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To Alasinga Perumal
18th November, 1895
. . . In England my work is really splendid, I am astonished myself at it. The English people do not talk much in the newspapers, but they work silently. I am sure of more work in England than in America. Bands and bands come, and I have no room for so many; so they squat on the floor, ladies and all. I tell them to imagine that they are under the sky of India, under a spreading banyan, and they like the idea. I shall have to go away next week, and they are so sorry. Some think my work here will be hurt a little if I go away so soon. I do not think so. I do not depend on men or things. The Lord alone I depend upon--and He works through me.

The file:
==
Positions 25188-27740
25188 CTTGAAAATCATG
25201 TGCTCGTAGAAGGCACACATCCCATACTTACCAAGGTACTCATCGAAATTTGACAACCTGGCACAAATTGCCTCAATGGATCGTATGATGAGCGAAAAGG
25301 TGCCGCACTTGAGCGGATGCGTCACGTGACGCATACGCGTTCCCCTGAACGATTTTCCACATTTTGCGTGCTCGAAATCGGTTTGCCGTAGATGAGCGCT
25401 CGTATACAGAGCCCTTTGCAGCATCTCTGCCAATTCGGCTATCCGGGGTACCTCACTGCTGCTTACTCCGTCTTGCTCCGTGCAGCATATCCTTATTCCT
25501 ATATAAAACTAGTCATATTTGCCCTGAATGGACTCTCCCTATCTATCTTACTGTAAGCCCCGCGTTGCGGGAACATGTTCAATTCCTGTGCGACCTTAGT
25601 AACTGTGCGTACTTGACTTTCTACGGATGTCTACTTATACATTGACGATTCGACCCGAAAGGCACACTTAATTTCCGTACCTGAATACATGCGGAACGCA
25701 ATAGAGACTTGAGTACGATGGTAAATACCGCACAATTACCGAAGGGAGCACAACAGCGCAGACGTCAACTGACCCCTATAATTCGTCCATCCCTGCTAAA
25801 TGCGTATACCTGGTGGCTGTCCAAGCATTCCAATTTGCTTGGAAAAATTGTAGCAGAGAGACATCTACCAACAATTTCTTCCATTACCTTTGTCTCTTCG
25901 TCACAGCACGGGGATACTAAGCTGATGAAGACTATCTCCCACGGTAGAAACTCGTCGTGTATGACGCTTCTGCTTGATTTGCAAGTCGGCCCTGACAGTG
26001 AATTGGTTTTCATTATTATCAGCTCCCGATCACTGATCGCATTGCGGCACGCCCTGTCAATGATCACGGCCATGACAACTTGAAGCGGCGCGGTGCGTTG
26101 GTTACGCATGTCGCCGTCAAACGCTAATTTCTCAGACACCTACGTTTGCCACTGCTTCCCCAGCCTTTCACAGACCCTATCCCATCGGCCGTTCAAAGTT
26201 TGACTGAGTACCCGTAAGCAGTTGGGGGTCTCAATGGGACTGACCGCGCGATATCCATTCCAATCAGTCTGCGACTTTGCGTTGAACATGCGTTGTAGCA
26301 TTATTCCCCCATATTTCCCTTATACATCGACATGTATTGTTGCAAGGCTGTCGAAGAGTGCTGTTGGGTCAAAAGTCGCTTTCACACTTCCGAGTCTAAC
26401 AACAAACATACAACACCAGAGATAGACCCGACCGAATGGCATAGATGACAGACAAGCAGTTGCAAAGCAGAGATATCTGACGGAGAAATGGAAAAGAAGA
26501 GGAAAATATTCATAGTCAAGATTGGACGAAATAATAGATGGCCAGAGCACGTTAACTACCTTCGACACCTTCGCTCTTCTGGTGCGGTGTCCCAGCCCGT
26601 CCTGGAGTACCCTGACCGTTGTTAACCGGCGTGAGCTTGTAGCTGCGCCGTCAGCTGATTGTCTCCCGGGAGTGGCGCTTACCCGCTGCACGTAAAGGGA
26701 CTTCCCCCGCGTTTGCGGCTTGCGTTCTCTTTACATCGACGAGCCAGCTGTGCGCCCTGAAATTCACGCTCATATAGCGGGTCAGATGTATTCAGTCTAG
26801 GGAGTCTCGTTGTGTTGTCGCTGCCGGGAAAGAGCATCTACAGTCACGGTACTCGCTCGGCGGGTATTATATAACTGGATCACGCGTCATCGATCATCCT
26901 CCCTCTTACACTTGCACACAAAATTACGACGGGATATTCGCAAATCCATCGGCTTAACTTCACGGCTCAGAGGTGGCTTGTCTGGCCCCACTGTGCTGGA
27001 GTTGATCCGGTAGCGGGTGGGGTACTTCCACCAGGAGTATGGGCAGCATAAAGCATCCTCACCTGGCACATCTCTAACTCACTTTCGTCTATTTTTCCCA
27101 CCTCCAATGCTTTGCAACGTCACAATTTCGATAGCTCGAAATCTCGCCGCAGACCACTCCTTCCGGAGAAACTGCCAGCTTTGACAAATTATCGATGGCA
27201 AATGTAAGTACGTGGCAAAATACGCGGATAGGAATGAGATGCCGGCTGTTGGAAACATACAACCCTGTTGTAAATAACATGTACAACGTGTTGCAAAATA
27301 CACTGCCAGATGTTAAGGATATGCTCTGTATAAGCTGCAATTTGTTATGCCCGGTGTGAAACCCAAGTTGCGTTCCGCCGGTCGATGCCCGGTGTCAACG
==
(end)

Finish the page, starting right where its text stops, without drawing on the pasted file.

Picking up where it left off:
. . . Please everybody without becoming a hypocrite and without being a coward. Hold on to your own ideas with strength and purity, and whatever obstructions may now be in your way, the world is bound to listen to you in the long run. . . .
I have no time even to die, as the Bengalis say. I work, work, work, and earn my own bread and help my country, and this all alone, and then get only criticism from friends and foes for all that! Well, you are but children, I shall have to bear everything. I have sent for a Sannyasin from Calcutta and shall leave him to work in London. I want one more for America--I want my own man. Guru-Bhakti is the foundation of all spiritual development.
. . . I am really tired from incessant work. Any other Hindu would have died if he had to work as hard as I have to. . . . I want to go to India for a long rest. . . .
Ever yours with love and blessings,
To Mrs. Ole BullÂ
21st Nov., 1895
Dear Mrs. Bull,
I sail by the Britannic on Wednesday, the 27th. My work so far has been very satisfactory here and I am sure to do splendid work here next summer. . .Â Â
Yours with love,